"I want to know what people knew and when they knew it and calling upon law enforcement as well as our social media platforms," Hochul said.
She added that depraved ideas fermenting on social media are "spreading like a virus" and need to be monitored and shut down.
"It has to stop, because otherwise, there's no stopping it," Hochul said.
“This is my hometown…It is deeply disturbing. This is a tight knit community. They care about each other. We care about everyone,” New York Gov. Kathy Hochul tells @GStephanopoulos after at least 10 killed in mass shooting at Buffalo supermarket. https://t.co/YcUdeSEbTN pic.twitter.com/iWIQBToBHi— This Week (@ThisWeekABC) May 15, 2022
Hochul said she has directed the New York State Police's Hate Crimes Task Force to assist in the investigation.
A home linked to the suspect in Conklin, a town near Binghamton in Broome County, was searched by the FBI and New York State Police Saturday evening, according to law enforcement officials and eyewitnesses. Hochul confirmed during a news briefing that a home in Broome County was searched Saturday.
BREAKING: BPD on scene of a mass shooting at the Tops in the 1200 block of Jefferson Avenue. Police say multiple people have been struck by gunfire. The shooter is in custody. Motorists and residents are urged to avoid the area.— Buffalo Police Dept (@BPDAlerts) May 14, 2022
Authorities did not specify which social media platform the suspect used to allegedly livestream the shooting. But following the attack, the livestreaming platform Twitch said it had indefinitely suspended a user over the shooting in Buffalo.
"Twitch has a zero-tolerance policy against violence of any kind and works swiftly to respond to all incidents," a Twitch spokesperson said in a statement. "The user has been indefinitely suspended from our service, and we are taking all appropriate action, including monitoring for any accounts rebroadcasting this content."
The company said it removed the stream within two minutes of the violence starting and is monitoring Twitch for any re-streams of the content or related content.
"A horrible day in the history [of] our community," Erie County Executive Mark Poloncarz said in a statement posted on Twitter. "Like too many communities in our nation, we've been impacted by the horror [of] a mass shooting. My thoughts are about the deceased and with their families at this terrible time."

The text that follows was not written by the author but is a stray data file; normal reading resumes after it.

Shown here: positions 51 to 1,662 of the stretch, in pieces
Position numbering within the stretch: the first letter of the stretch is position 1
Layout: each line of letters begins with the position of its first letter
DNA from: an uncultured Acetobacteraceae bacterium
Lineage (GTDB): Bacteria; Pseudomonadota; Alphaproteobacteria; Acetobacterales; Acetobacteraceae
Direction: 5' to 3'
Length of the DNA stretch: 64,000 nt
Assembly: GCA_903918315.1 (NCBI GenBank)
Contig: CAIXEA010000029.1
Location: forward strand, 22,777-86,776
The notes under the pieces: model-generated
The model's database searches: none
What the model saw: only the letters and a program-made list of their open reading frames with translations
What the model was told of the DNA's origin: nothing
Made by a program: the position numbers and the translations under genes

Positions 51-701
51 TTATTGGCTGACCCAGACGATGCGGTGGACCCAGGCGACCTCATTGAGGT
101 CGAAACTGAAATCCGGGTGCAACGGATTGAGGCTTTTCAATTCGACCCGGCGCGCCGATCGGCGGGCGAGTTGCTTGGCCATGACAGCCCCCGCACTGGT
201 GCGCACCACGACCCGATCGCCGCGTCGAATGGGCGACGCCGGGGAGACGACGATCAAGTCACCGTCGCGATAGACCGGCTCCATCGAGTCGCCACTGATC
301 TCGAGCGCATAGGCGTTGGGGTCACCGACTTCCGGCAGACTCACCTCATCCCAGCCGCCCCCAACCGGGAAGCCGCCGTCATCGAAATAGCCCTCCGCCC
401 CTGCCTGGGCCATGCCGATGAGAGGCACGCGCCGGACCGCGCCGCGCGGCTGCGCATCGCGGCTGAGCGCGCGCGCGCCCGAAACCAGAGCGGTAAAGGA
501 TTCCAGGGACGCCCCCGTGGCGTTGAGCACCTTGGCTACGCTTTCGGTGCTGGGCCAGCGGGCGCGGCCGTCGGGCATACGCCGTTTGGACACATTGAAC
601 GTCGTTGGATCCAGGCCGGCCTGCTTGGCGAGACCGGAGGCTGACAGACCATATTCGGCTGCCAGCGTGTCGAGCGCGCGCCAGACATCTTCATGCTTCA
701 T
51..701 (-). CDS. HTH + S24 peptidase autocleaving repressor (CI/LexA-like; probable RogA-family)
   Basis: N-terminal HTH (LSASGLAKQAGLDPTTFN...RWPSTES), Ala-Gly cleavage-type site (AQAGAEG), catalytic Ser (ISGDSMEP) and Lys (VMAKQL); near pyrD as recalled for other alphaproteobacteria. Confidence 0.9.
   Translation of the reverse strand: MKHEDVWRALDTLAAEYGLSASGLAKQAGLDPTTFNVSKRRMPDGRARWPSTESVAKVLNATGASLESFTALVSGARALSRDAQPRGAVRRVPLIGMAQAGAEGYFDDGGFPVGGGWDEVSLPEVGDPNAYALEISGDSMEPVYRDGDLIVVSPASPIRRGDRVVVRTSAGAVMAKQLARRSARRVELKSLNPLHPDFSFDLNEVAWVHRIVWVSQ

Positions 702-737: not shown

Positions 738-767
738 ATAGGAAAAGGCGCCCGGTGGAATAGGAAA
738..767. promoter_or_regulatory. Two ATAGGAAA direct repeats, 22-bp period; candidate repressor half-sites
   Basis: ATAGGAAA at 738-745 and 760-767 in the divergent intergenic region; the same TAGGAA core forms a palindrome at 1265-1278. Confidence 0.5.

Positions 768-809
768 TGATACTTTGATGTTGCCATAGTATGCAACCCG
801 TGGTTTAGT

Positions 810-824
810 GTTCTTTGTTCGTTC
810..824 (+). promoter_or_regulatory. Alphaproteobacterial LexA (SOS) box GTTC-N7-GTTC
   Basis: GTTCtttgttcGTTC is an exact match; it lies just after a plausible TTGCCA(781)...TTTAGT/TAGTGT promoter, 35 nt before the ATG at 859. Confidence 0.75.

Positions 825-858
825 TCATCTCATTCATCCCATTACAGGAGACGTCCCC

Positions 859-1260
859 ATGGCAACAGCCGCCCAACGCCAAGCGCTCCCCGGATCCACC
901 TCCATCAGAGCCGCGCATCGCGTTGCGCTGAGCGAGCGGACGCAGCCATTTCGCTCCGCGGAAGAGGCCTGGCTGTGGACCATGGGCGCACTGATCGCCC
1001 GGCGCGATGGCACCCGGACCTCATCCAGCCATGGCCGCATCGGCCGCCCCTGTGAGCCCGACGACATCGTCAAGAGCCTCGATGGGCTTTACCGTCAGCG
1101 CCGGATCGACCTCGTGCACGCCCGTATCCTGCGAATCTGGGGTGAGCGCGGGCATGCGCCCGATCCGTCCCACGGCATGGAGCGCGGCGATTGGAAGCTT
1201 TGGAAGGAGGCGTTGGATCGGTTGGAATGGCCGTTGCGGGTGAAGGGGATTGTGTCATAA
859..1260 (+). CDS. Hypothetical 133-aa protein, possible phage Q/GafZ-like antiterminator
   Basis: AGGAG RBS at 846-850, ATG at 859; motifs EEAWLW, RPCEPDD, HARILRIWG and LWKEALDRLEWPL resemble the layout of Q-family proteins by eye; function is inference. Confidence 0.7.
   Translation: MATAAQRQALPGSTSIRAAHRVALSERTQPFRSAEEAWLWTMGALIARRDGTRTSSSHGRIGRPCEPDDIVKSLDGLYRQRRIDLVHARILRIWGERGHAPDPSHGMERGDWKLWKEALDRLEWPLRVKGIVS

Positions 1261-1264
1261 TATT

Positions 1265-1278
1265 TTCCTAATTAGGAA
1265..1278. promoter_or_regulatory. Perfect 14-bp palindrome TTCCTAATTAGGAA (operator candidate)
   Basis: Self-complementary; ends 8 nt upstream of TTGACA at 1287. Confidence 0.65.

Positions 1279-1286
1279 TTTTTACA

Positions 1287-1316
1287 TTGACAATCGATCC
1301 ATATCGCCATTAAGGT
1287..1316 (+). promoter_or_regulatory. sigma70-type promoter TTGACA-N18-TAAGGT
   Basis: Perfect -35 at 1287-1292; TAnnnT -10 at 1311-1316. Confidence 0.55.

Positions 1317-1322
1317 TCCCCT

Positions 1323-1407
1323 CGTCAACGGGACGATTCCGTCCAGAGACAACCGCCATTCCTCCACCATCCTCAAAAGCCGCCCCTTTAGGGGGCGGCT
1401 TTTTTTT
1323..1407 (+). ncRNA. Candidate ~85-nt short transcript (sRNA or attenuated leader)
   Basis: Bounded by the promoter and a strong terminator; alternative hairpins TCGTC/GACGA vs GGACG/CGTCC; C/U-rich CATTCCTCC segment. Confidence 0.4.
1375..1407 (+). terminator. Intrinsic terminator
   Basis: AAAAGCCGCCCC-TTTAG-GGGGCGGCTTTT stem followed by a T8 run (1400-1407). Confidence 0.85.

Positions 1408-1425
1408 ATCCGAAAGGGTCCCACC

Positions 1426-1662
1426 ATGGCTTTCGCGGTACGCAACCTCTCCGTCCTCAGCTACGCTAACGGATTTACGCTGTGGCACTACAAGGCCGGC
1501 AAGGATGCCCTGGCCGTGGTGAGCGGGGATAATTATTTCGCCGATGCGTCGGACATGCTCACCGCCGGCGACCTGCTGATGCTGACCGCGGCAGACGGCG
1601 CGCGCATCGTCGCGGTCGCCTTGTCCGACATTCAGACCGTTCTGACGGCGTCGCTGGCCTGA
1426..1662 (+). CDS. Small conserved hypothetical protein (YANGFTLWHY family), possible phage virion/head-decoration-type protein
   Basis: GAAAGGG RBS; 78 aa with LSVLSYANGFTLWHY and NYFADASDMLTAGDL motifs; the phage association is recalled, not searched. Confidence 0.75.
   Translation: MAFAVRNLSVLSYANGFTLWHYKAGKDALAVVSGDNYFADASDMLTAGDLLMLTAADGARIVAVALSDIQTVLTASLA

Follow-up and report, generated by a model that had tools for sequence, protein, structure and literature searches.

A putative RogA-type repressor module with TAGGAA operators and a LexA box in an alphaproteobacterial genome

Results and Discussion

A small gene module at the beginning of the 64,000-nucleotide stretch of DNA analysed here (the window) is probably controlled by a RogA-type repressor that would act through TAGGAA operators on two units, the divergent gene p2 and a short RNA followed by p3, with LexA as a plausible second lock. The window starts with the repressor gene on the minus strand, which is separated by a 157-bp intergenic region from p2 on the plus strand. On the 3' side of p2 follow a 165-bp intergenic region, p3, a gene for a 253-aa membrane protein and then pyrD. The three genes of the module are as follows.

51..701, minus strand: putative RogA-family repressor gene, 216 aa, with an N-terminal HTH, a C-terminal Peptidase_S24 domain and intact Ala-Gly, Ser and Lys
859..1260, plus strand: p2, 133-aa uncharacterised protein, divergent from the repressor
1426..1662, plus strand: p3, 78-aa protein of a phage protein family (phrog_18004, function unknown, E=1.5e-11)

I have been advised of an active multiple shooting event at the Tops Markets on Jefferson Street in Buffalo. Police are on scene. Please stay away from the area.— Mark Poloncarz (@markpoloncarz) May 14, 2022
Biden describes alleged gunman as a hate filled soul'
President Joe Biden has been briefed on the shooting, his press secretary said.
During an event Sunday at the U.S. Capitol Building honoring law enforcement officers killed in the line of duty, Biden addressed the mass shooting and described the alleged gunman as a "hate-filled soul."
"A lone gunman, armed with weapons of war and hate-filled soul, shot and killed 10 innocent people in cold blood at a grocery store on Saturday afternoon," Biden said. "Jill and I, like you, pray for the victims and their families, and a devastated community."
He said he has been receiving updates from his White House team and has been in close contact with the Justice Department.
"We must all work together to address the hate that remains a stain on the soul America," Biden said.
Biden and first lady Jill Biden will travel to Buffalo on Tuesday to grieve with the community, the White House announced on Sunday, describing the tragedy as "a senseless and horrific mass shooting."
Vice President Kamala Harris released a statement, saying, "Today our hearts are broken and we grieve for the victims of the horrific act of gun violence in Buffalo and for their families and friends."
"Law enforcement is proceeding with its investigation, but what is clear is that we are seeing an epidemic of hate across our country that has been evidenced by acts of violence and intolerance," Harris added. "We must call it out and condemn it. Racially-motivated hate crimes or acts of violent extremism are harms against all of us, and we must do everything we can to ensure that our communities are safe from such acts."